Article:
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Why Does It Feel Like Something Is Stuck Between Your Toes?

Posted on November 10, 2022
Medically reviewed by
Remi A. Kessler, M.D.
Article written by
Anika Brahmbhatt

If you’re living with multiple sclerosis (MS), you are familiar with the common symptoms of the condition, such as vision problems, weak muscles, and balance issues. However, some MyMSTeam members report symptoms that are less obviously traceable to MS.

“For the past three weeks, it’s felt like something has been stuck between two of my toes,” one member wrote. “Has this happened to anyone else? Just wondering if this is MS-related.”

“I think I had this feeling at the onset of my MS,” another member replied. “Now it’s just a memory. It used to be very annoying. Praying you get over it soon.”

A third member wrote of their experience: “Yes! I thought it was just me! I thought I had a bit of cellophane or something stuck since it felt ‘crackly.’ That was around the time of my diagnosis some six years ago. It went away eventually, only to be replaced by numb toes and the feeling of my lower legs being gripped. That has moved on now, too. Almost every day brings a new surprise.”

The member then reflected on the unpredictable nature of dealing with MS: “As I have learned more about my condition, I know not to panic when these things crop up, but it was very scary at first. Take care of yourself.”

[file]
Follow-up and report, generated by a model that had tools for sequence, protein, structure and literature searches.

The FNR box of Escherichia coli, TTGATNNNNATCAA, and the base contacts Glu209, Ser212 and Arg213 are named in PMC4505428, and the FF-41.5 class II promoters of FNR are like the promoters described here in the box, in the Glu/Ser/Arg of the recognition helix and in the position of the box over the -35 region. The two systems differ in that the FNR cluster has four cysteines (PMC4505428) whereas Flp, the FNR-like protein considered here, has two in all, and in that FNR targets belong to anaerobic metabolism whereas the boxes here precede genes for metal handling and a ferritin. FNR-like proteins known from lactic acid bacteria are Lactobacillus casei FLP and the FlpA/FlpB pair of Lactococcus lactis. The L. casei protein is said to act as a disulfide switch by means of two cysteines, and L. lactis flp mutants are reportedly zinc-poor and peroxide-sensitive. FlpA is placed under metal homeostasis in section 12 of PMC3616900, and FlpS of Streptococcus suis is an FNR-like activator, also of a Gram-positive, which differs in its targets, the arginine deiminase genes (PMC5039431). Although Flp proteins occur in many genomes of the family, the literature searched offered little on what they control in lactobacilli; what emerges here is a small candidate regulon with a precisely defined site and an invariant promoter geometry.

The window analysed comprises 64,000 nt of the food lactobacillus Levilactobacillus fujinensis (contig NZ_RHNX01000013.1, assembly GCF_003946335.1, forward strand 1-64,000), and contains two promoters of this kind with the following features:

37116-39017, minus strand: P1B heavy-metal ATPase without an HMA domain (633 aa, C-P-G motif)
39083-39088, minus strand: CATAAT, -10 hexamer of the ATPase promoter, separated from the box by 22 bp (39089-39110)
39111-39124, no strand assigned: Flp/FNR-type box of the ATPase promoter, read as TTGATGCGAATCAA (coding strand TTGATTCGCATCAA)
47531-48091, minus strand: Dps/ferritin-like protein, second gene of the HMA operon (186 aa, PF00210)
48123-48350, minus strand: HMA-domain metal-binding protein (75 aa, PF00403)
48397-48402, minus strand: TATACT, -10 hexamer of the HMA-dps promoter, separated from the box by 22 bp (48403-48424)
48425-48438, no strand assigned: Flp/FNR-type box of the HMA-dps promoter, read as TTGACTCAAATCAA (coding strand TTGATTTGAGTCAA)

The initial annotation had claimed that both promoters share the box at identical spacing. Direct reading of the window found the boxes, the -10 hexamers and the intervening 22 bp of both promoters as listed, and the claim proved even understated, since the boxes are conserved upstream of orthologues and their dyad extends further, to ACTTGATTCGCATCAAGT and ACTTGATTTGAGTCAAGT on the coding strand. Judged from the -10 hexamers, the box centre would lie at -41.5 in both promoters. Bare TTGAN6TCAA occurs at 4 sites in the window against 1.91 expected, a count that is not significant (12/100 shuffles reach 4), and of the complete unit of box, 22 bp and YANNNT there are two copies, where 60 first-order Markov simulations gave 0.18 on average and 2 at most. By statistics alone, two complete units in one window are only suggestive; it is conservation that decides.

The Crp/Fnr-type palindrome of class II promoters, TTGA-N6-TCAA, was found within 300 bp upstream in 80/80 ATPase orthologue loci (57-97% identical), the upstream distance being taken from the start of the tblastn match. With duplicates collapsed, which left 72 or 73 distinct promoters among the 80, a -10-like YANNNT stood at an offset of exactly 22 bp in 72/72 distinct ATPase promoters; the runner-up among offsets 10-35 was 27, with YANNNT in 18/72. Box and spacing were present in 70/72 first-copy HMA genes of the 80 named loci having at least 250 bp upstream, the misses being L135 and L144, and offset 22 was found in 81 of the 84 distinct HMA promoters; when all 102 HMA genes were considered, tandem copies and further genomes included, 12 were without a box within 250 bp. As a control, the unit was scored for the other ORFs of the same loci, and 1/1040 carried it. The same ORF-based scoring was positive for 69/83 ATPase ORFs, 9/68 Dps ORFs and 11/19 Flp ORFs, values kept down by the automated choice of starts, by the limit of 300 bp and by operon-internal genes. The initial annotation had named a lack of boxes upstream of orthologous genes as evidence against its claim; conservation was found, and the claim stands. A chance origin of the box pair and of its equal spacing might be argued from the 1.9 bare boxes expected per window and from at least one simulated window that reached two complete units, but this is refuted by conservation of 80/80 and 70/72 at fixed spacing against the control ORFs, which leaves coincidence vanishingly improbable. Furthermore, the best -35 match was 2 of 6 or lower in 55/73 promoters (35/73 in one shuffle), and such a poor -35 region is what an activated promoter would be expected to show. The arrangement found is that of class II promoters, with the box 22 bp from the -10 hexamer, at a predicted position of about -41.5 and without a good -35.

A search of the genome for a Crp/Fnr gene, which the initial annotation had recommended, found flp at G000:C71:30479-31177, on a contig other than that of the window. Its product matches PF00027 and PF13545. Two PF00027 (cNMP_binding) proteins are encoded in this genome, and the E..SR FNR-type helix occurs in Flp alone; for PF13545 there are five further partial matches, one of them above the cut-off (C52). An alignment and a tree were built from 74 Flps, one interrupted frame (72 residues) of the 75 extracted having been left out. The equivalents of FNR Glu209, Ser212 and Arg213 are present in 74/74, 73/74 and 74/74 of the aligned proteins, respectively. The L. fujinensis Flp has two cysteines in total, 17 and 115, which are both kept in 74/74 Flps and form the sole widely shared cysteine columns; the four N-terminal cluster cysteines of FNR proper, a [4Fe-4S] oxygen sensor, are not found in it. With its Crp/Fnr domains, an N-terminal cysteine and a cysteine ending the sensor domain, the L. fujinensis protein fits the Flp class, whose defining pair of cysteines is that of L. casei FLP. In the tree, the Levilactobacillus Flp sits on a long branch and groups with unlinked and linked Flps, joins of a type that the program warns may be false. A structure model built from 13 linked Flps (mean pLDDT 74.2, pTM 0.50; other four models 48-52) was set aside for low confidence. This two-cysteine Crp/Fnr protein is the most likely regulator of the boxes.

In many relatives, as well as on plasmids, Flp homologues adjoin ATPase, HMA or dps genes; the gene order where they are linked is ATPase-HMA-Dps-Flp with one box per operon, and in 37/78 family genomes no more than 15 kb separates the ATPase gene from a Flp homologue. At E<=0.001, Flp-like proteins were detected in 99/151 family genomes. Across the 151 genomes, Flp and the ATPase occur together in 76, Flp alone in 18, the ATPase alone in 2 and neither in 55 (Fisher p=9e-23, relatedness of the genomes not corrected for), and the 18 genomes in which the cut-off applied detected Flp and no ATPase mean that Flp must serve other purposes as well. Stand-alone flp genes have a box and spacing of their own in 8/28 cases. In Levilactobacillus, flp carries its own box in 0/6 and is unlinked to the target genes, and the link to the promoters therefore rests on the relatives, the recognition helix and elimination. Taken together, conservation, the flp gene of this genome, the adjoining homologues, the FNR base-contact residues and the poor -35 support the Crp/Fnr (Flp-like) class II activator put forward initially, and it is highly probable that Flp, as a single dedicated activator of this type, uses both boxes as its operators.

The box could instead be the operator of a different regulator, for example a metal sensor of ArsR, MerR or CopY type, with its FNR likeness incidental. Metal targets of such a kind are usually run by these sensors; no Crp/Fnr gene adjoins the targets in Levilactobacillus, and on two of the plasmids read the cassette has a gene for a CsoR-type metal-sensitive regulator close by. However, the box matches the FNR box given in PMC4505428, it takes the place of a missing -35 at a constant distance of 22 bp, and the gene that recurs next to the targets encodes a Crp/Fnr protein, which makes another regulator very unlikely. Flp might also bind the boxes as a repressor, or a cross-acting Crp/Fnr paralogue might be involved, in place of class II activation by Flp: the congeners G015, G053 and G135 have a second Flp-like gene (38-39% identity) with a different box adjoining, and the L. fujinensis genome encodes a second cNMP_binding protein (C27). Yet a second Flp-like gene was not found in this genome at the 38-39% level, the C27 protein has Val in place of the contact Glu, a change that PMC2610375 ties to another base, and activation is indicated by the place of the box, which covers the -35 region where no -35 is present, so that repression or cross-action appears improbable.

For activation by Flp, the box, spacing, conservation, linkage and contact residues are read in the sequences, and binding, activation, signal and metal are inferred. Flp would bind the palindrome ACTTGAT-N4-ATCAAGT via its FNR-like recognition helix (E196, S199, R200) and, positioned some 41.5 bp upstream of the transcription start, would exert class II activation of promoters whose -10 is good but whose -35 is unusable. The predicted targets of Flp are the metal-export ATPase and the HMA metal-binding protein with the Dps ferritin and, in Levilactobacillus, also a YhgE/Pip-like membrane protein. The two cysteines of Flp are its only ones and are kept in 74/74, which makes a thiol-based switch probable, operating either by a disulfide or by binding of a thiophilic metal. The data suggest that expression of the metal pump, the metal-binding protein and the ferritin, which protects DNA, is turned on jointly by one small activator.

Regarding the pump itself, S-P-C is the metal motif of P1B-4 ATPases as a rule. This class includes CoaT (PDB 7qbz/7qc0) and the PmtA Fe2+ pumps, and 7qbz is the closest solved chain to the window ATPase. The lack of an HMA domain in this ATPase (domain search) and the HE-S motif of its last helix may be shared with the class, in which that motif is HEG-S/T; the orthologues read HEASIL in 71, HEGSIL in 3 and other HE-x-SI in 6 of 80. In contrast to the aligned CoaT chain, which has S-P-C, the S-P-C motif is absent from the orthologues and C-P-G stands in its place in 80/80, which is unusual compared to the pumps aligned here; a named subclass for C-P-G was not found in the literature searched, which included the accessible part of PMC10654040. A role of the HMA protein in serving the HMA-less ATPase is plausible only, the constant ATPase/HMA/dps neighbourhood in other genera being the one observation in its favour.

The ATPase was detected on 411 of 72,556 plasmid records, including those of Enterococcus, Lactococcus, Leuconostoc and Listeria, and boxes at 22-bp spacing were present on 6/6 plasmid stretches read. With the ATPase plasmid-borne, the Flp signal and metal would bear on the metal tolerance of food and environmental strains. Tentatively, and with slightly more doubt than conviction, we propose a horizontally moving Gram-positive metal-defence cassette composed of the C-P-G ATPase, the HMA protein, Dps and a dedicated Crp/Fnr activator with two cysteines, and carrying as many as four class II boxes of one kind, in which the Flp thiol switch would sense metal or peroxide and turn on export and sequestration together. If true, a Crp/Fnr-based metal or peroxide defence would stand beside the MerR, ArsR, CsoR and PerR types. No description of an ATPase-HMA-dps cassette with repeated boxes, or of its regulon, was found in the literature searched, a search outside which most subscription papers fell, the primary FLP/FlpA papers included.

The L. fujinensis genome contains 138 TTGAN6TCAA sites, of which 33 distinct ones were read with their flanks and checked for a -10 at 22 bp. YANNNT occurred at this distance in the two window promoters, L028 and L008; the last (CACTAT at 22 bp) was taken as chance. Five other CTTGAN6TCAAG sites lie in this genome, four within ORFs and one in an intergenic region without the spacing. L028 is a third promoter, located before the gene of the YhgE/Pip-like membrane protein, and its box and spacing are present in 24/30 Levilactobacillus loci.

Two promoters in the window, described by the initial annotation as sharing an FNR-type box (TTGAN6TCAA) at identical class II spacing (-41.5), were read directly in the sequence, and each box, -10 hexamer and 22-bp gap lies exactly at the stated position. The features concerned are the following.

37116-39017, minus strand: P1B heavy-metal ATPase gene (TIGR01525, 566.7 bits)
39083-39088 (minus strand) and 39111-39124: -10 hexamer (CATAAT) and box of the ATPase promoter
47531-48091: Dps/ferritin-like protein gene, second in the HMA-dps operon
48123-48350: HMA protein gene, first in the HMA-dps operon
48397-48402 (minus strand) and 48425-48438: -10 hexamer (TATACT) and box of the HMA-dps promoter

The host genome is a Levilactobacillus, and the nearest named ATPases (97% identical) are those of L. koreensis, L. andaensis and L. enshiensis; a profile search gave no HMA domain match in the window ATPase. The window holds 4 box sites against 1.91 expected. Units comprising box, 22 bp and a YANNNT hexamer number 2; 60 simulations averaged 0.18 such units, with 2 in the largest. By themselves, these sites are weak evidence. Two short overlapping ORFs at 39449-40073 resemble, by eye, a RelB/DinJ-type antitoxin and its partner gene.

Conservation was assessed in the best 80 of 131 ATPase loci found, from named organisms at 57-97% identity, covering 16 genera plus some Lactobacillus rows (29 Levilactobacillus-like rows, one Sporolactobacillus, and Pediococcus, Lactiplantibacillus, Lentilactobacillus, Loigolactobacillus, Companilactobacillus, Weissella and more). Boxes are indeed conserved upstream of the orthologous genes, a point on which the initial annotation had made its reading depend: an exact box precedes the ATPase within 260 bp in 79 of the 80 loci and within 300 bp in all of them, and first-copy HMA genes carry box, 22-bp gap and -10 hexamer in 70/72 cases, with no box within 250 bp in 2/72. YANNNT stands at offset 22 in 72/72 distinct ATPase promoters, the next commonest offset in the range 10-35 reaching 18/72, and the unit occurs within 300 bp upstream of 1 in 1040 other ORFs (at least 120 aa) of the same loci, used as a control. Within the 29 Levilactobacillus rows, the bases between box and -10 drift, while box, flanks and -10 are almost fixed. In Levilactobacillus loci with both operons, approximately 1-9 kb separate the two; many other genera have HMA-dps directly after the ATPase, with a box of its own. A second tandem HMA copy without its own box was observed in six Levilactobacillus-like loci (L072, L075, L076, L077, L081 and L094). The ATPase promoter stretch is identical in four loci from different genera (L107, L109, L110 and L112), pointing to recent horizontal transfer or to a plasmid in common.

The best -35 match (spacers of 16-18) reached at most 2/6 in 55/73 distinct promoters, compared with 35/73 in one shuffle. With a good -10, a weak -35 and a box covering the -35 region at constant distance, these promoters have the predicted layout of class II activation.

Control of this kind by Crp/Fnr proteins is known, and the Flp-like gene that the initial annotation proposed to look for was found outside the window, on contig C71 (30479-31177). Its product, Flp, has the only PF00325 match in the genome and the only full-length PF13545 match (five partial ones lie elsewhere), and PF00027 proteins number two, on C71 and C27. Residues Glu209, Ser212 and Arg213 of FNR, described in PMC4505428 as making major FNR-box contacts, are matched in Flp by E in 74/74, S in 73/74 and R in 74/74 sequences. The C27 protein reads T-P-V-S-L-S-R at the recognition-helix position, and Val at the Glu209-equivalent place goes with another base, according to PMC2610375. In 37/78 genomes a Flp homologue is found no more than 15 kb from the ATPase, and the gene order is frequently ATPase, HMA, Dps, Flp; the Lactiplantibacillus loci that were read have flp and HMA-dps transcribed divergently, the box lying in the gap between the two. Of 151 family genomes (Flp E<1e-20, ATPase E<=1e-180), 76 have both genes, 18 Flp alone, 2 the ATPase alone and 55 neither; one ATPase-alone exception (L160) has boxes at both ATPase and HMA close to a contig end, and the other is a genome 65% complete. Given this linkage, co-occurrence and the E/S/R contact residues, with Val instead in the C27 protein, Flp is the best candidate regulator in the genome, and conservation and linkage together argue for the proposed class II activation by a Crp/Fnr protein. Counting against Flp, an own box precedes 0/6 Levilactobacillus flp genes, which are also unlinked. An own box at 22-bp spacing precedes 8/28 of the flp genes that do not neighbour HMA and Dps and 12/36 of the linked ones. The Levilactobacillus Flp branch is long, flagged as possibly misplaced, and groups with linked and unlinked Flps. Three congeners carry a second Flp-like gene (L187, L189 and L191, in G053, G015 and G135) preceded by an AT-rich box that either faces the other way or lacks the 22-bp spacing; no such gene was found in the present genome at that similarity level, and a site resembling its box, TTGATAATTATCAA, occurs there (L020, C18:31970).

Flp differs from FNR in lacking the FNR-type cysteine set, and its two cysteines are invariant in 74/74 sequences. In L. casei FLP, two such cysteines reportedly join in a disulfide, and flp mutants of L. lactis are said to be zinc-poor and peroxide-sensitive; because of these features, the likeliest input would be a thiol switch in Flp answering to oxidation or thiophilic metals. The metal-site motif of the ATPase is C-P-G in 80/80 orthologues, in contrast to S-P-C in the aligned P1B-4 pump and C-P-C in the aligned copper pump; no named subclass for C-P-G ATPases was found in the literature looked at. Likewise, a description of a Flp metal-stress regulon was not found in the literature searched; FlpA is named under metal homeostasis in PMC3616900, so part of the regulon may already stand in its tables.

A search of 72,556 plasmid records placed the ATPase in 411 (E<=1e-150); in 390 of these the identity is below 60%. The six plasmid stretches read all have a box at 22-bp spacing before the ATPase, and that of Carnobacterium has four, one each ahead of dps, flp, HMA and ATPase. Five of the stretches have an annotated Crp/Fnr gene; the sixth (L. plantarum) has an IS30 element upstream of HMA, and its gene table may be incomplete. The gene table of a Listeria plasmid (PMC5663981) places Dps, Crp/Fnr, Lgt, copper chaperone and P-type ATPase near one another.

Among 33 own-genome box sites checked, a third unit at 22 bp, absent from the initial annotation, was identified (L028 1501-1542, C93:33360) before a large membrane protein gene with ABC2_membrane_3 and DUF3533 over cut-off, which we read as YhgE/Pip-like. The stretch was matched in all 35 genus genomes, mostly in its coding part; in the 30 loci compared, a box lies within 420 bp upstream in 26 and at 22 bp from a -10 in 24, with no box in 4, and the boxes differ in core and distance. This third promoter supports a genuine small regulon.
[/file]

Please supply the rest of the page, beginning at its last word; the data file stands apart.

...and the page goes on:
If you have recently noticed new symptoms, learning about different MS-related phenomena may help to put your mind at ease.

What Are Altered Sensations in MS?

Feeling unusual sensations might be related to the nerve damage that comes with MS when your immune system attacks itself. The disease affects your central nervous system (your brain, spinal cord, and optic nerve), forming lesions on the myelin sheath, which is the coating that is supposed to protect your nerve cells. The resulting lesions (also called plaques) disrupt the electrical signals that your brain is trying to send to your muscles and nerves.

This process can lead to common symptoms of MS, like numbness, pain, and paresthesia. Paresthesia affects around 80 percent of people with MS. These abnormal sensations can include a prickling or tingling feeling, which can be uncomfortable to deal with, or even burning pain. The feeling of something between your toes is an example of paresthesia.

Why Do Altered Sensations Happen?

It can be confusing to experience a sensation that is outside of the ordinary. You might worry that there is something wrong with your body’s tissues in the affected area, whether that’s your big toe, forefoot, or spaces between your toes. However, when abnormal sensations are MS-related, the common causes are typically related to nerve damage rather than tissue damage.

Nerve damage might result in strange sensations, like the feeling of a pebble between your toes, because your brain may be unable to properly interpret signals from your muscles. Instead of feeling external stimuli, your brain might self-reference previous sensations it has felt, such as having something stuck between your toes, wetness, pain, prickling, or other sensations.

Morton’s Neuroma

Specifically, the feeling of something between your toes could be a result of a condition called Morton’s neuroma (also known as intermetatarsal neuroma because of the area of your foot that is affected). With this condition, the nerves between your toes might become inflamed, leading to strange sensations.